Citing lower-than-expected corporate taxes, the CBO projected a slight increase over previous budget deficit estimations.» Read More
Recent trends in the U.S. economy are "deeply worrisome" at a time damage from the credit crunch has outpaced the Federal Reserve's huge interest rate cuts, a top Fed policy-maker said Thursday.
As the Federal Reserve slashed a key interest rate by 50 basis points on Wednesday, Pimco's Bill Gross said he expects rates to hold or decline to 1 percent.
Below is the statement released by the Federal Open Market Committee after its Oct. 28-29 meeting on interest rate policy:
The Federal Reserve will unveil its decision on interest rates Wednesday afternoon, and a cut is widely expected by investors. CNBC asked former Federal Reserve officials to weigh in on the upcoming decision.
Lawmakers have called key players from the past and present to congressional hearings in an effort to find out what caused the biggest financial crisis since the 1930s and determine how the government plans to get the nation out of the mess.
The big debate now is how deep and how long the recession will be. The short answer is bad enough and probably the worst in 25 years.
The cruel earnings season for the American worker intensified Wednesday as more companies announced layoffs.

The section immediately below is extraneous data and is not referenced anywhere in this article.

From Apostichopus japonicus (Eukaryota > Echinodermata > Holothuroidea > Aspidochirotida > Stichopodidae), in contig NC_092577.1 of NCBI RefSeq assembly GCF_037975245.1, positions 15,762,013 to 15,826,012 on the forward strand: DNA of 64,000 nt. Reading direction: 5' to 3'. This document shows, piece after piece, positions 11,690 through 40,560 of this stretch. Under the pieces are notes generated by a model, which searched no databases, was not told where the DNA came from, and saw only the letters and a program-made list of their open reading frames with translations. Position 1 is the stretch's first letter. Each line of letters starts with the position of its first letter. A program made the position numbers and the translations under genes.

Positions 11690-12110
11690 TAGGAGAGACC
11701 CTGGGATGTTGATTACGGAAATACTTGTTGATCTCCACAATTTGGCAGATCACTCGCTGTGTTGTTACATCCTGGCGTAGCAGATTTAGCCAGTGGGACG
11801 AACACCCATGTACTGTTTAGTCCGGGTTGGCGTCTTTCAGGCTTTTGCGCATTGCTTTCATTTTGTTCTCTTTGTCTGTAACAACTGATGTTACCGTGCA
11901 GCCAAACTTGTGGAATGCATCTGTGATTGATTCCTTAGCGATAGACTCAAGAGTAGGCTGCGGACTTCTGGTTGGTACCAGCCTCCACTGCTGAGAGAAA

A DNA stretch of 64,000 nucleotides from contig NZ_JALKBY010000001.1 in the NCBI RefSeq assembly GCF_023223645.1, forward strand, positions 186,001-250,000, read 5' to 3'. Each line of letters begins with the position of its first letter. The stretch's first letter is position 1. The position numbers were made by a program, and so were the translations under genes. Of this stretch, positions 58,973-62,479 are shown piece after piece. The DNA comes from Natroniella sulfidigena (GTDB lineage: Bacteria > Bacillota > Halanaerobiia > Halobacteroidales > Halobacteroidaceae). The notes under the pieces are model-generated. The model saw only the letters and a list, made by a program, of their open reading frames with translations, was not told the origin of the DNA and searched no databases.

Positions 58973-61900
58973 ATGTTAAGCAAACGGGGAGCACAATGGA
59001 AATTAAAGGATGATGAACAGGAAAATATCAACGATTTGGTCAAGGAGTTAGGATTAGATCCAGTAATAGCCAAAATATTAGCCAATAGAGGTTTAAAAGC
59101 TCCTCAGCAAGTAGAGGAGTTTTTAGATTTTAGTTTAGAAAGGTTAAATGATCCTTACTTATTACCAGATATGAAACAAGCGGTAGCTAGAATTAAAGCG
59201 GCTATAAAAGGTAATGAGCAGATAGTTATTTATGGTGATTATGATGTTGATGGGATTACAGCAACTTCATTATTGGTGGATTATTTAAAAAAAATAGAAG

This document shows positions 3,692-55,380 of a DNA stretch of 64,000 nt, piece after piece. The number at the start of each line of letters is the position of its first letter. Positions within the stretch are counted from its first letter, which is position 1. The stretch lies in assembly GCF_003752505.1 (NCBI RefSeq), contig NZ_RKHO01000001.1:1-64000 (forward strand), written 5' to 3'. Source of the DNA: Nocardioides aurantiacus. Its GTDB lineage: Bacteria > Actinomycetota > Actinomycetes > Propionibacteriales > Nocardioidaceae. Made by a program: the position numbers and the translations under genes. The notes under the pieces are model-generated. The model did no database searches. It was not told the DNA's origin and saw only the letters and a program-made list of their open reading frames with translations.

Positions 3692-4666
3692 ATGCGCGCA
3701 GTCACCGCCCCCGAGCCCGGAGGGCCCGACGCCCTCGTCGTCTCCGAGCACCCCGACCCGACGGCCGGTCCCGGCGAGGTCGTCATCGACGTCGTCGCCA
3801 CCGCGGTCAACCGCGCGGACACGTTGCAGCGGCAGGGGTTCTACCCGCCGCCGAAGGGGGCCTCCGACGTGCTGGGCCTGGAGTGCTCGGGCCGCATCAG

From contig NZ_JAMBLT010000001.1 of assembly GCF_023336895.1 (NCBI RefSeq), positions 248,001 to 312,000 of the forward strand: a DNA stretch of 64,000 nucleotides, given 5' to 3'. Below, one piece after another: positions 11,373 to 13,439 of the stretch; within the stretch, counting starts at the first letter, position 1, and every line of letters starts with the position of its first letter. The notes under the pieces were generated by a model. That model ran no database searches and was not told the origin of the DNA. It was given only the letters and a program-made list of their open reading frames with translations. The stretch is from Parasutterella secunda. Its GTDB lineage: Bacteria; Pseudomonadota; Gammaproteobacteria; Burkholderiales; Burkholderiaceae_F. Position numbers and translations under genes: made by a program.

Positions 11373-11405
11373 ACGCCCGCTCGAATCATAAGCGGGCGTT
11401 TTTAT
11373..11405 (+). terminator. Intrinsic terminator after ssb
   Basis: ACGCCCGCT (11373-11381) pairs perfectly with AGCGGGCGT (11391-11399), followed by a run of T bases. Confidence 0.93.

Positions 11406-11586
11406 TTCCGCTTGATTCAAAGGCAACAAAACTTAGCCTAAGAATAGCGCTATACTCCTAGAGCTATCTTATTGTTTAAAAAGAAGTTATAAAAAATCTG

The US economy is entering a two-year recession that will be longer and deeper than previously feared, said Nouriel Roubini, a well-known economist and professor at New York University.
Democrats in Congress say any new economic stimulus bill would probably include road and bridge construction, help for state budgets and maybe new tax rebates.
The Fed could lend up to $540 billion in a new facility aimed at restoring liquidity for money market funds, Fed officials said.
Economists say the best bang for the buck will come from helping housing, not another tax cut or extended unemployment benefits.
New York Governor David Patterson and New Jersey Governor Jon Corzine sounded off on the economy, Wall Street and regulation on Monday.
Investors continued to be rattled by worries that the prolonged credit crisis has already pushed the global economy into a recession.
The latest inflation and jobs data were somewhat better than expected, but the industrial sector showed continued weakness.
Treasury Secretary Henry Paulson said the U.S. government's banking rescue plan is designed to spur private investment in financial institutions, and told CNBC that the FDIC interbank lending guarantee that's part of the plan will kick in immediately.
The following is the full text of the Beige Book released by the Federal Reserve on October 15, 2008 and based on information collected on or before October 6, 2008:
Global credit markets continued to show signs of thawing, but worries about a world-wide recession loomed over markets.
Paul Krugman, Princeton University professor and winner of the 2008 Nobel Prize for Economics, told CNBC that the new rescue plan, which will inject $250 billion into U.S. banks, “looks much better.”
The U.S. government's move to pour $250 billion into banks was appropriate and sufficient, but the markets will take time to heal, Mohamed El-Erian, Pimco co-CEO and co-chief investment officer, told CNBC Tuesday.
From New York City to Indiana, the Wall Street crisis is hitting cities across the country.